This is using spherical co-ordinates throughout. The vector operator is given in terms of components along the unit spherical co-ordinate vectors (just to be clear again: ## e_{\theta} ## , ## e_{\phi} ## are unit vectors in the ## \theta ## = azimuthal angle and ## \phi ## = polar angle directions). Also those components are clearly seen to be (scalar) operators involving only multiplication by the spherical co-ordinates and derivatives with respect to the spherical co-ordinates.Now, I'm sure you're also familiar with the (scalar) operator ## \hat{L}^2 ##. Using [Equation 1] and the usual procedure for the dot product of two vector operators ## \hat{L} . \hat{L} ## we have the following:

## \hat{L}^2 \, = \, \hat{L_x}^2 + \hat{L_y}^2 + \hat{L_z}^2 ##

We have expressions for the (scalar) operators ## \hat{L_x} ## etc. which are the components of that vector operator. So we can put them in and get a final expression for a scalar operator ##L^2## in terms of (partial) derivatives with respect the cartesian co-ordinates x,y, z. That's done in many places (references can be provided if required - but basically any textbook or reliable online resource). Then using the chain rule for functions of many variables we can re-write that expression in terms of (partial) derivatives with respect to spherical co-ordinates r, ##\theta## , ##\phi## . This is what you get:

$$ \hat{L}^2=-\hbar^2\left[\frac{1}{\sin \theta} \frac{\partial}{\partial \theta}(\sin \theta \frac{\partial}{\partial \theta}) + \frac{1}{\sin^2 \theta} \frac{\partial^2}{\partial \phi^2} \right] $$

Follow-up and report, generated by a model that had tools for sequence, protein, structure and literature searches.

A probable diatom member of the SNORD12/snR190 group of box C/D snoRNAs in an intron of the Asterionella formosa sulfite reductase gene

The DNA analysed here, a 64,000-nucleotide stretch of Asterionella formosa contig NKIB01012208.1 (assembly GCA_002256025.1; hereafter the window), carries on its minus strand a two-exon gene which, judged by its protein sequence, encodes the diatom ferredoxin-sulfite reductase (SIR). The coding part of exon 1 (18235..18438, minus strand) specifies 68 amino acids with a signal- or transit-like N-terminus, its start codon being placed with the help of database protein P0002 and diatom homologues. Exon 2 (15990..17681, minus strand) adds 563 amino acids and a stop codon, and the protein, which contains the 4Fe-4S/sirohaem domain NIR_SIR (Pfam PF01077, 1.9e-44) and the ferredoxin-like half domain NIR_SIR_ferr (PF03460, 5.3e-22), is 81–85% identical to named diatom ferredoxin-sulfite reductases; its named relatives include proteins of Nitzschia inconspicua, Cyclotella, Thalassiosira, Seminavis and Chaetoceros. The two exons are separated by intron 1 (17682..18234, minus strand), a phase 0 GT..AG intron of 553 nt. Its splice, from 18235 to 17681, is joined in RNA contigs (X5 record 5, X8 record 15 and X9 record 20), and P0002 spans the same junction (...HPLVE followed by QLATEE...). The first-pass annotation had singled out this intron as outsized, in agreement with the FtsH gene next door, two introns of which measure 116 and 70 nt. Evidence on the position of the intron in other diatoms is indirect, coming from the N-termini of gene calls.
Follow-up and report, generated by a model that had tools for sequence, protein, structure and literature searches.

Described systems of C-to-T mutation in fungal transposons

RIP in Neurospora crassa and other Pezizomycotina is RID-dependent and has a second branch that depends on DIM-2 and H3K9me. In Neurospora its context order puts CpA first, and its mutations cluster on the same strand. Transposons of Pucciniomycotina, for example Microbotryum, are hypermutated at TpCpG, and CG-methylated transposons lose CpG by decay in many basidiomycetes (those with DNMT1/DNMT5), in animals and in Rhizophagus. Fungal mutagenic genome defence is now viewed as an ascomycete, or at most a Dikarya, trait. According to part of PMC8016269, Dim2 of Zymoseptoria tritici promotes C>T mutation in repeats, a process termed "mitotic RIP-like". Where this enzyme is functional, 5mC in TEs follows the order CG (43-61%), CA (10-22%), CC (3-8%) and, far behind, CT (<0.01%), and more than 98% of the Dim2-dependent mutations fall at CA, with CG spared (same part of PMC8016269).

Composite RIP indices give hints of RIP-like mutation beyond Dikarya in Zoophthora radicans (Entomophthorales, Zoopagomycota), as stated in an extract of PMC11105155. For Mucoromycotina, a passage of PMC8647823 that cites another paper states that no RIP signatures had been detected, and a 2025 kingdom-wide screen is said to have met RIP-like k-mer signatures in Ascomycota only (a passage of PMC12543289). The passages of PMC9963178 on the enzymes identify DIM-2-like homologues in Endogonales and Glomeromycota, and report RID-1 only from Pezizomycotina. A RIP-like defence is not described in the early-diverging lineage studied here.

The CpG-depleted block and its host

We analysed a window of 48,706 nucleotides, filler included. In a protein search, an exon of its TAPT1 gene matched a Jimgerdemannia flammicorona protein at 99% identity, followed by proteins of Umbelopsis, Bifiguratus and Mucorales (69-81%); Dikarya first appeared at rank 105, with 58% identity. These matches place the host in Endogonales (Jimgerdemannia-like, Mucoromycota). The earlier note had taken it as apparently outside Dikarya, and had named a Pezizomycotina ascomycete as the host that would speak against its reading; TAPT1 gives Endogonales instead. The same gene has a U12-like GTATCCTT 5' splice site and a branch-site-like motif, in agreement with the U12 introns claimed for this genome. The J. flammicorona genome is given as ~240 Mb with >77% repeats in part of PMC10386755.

[Equation 3]

That is quite a lot of work to get the final operator ## L^2 ## in terms of partial derivatives w.r.t. the spherical co-ordinates. It would seem faster to go straight from [Equation 2] where we already had the components as derivatives w.r.t. spherical co-ordinates.However, if you use [Equation 2] and apply the usual procedure for the dot product of two vector operators you obtain (well...I would have thought...) the following:

## \hat{L}^2 = \hbar^2 (\frac{\partial^2}{\partial \theta^2} + \frac{1}{sin^2 \theta} \frac{\partial^2}{\partial \phi^2}) ##

Being positive about things, that is almost the same as [Equation 3]. Being sensible, it's just not the same which is all that matters.

I spent about a day being stuck on this. WHY IS IT NOT THE SAME? I'd appreciate some advice just on that issue.

Anyway... that is the motivation for the original question: If an arbitrary vector operator ## \hat{L} ## is written as follows: ##\hat{L} ## = ## \vec{a} \hat{L_a} + \vec{b} \hat{L_b} ## where (i) ##\hat{L_a}## and ## \hat{L_b}## are scalar operators (representing the components of the vector operator in the a and b vector directions). (ii) You only know that the vectors ##\vec{a} ## and ##\vec{b} ## are orthogonal and unit vectors (but not necessarily unit vectors along Cartesian axis). Then is it impossible to conclude that the operator ## \hat{L} . \hat{L} ## (more commonly written as ##L^2## ) would be equal to the operator that is the sum of the squares of the component operators ## \hat{L_a}^2 + \hat{L_b}^2 ## ? Where, as usual, the square of a scalar operator ##\hat{L_a}^2## and ##\hat{L_b}^2## is understood as the composition of operators, e.g. ##L^2 (\psi) = L (L(\psi)) ## |

Thank you for your time, what can I say? You've done well just to read this far.